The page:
What To Do With The Overabundance Of California Marijuana?

What To Do With The Overabundance Of California Marijuana?

While there are still 21 U.S. states without legalized marijuana in some form, there are others, like California, where pot is not only legal, but where residents have access to way more marijuana than they can actually consume. It’s true, there may actually be too much California marijuana.

California was already one of the nation’s biggest pot producers when it became the first state to legalize medical marijuana in 1996. Last November, residents in the Golden State voted to approve the legal sale and possession of an ounce of pot for recreational use, and now, with growers seizing the opportunity to make some bank in the booming business, the supply of California marijuana far outweighs demand.

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According to CBS13 in Sacramento, California produces between 14 and 16 million tons of marijuana annually — some 12.5 million to 14 million more tons than it needs. At a panel discussion held by the Sacramento Press Club in July, Hezekiah Allen, executive director of the California Growers Association, said that state-licensed growers “are going to have to scale back” their marijuana surplus.

“We are on a painful downsizing curve,” he said.

While recreational sales of California marijuana will be legal as of January 1, 2018, lawmakers are still discussing the number and scope of new regulations that will accompany the new sales. As the Oregon Cannabis Connection points out, things like license limits, plant and canopy limits, and enforcement actions are still up in the air — items that lawmakers must reconcile in order to maximize trade of the state’s legal and taxable marijuana while, at the same time, shrinking the unregulated market.

Balancing the scales won’t be easy. Current federal law bans interstate trade of cannabis, and California law will ban the export of pot after January 1. At that point, Allen says, growers will have to make a choice. They can get a license and face pressure to reduce their crops — as well as face stiff competition from other legal growers with similar surpluses — or they can try (like some are already doing) to operate without a license by selling cannabis to buyers in other states via the illegal black market. They could just decide to quit, too.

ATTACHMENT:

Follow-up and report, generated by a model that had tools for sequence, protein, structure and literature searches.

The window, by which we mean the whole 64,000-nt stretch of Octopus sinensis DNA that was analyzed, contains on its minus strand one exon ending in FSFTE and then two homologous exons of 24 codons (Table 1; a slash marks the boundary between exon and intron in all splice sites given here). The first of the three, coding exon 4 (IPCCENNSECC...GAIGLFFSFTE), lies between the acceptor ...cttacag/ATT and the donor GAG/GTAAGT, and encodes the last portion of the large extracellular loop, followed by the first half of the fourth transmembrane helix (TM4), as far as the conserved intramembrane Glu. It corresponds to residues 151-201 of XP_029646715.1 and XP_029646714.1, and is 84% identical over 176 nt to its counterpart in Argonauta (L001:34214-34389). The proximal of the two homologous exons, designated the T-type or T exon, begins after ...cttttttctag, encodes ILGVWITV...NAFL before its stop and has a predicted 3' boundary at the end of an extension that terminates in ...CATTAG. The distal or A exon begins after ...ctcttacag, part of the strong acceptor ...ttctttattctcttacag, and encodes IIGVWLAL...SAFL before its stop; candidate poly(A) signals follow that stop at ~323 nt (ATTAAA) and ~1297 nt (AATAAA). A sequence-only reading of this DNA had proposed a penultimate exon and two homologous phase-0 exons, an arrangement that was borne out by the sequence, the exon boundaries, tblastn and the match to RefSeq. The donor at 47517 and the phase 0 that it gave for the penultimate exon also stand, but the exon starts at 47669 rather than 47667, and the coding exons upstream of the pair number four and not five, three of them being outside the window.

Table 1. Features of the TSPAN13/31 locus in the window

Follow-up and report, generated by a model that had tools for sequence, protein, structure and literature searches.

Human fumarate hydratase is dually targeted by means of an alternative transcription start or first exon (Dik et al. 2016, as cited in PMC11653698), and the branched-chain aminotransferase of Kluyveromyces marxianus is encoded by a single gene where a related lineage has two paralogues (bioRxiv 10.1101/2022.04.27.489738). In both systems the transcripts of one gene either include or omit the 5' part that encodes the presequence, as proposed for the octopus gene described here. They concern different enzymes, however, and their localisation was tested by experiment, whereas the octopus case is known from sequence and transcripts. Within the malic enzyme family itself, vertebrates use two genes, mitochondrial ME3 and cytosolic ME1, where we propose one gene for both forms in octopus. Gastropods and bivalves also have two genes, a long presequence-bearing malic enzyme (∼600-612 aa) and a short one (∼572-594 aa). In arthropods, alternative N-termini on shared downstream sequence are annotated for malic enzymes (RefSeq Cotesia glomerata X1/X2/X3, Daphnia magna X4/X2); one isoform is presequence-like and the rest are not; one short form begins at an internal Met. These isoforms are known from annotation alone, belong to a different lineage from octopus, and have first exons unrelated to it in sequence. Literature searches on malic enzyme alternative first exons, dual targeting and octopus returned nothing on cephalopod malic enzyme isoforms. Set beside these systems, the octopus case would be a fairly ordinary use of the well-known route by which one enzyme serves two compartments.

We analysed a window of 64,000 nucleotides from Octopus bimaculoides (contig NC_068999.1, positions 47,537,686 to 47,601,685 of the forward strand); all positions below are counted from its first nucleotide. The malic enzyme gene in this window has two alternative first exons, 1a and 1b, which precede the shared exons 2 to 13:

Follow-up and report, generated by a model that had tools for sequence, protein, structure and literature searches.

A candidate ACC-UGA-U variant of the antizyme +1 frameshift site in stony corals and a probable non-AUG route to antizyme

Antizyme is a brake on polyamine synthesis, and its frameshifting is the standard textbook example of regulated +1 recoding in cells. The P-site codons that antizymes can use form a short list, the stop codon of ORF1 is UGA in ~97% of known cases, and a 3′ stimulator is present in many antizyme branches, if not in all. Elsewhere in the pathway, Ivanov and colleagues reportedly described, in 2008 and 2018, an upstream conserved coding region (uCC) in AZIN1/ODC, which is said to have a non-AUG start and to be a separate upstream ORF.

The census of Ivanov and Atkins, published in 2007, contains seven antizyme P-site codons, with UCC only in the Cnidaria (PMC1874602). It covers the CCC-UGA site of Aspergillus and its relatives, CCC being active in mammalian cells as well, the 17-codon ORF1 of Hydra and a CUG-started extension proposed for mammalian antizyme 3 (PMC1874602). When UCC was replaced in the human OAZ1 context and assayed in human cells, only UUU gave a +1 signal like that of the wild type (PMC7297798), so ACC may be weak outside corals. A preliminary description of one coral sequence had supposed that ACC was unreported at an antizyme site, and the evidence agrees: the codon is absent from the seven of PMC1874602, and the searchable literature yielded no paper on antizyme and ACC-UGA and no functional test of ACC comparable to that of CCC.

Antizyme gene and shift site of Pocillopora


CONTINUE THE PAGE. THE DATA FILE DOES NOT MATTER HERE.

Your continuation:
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Allen says those growing and selling pot illegally will face prosecution sooner or later. Instead, he says, he would love to see state and local governments across the nation license and open shops for growers to sell California’s surplus pot, and, indeed, those discussions are happening.

Dr. Aseem Sappal, a dean at Oakland’s Oaksterdam University, also laments the fact that growers could face prosecution.

“Nobody wants to operate under the radar,” says Dr. Sappal. “They want to do this legally. They want to say, ‘Hey, look, what I’m doing is okay.’”

Students at Oaksterdam study marijuana, and Dr. Sappal predicts that growers in the legal market will come up with myriad ways to sell the state’s surplus. One of those ways could be to convert cannabis into oil.

Dr. Sappal says that roughly 75 pounds of marijuana — which is a sizeable portion — can produce roughly 5 liters of oil. The fact that a lot of pot is needed to “make a little oil,” he says, creates a “very good avenue” to use up the surplus.

The new regulations will be decided by January 1. Until then, Californians should smoke ‘em (and vape ‘em, and eat ‘em, and drink ‘em, and bake stuff with ‘em) if they got ‘em.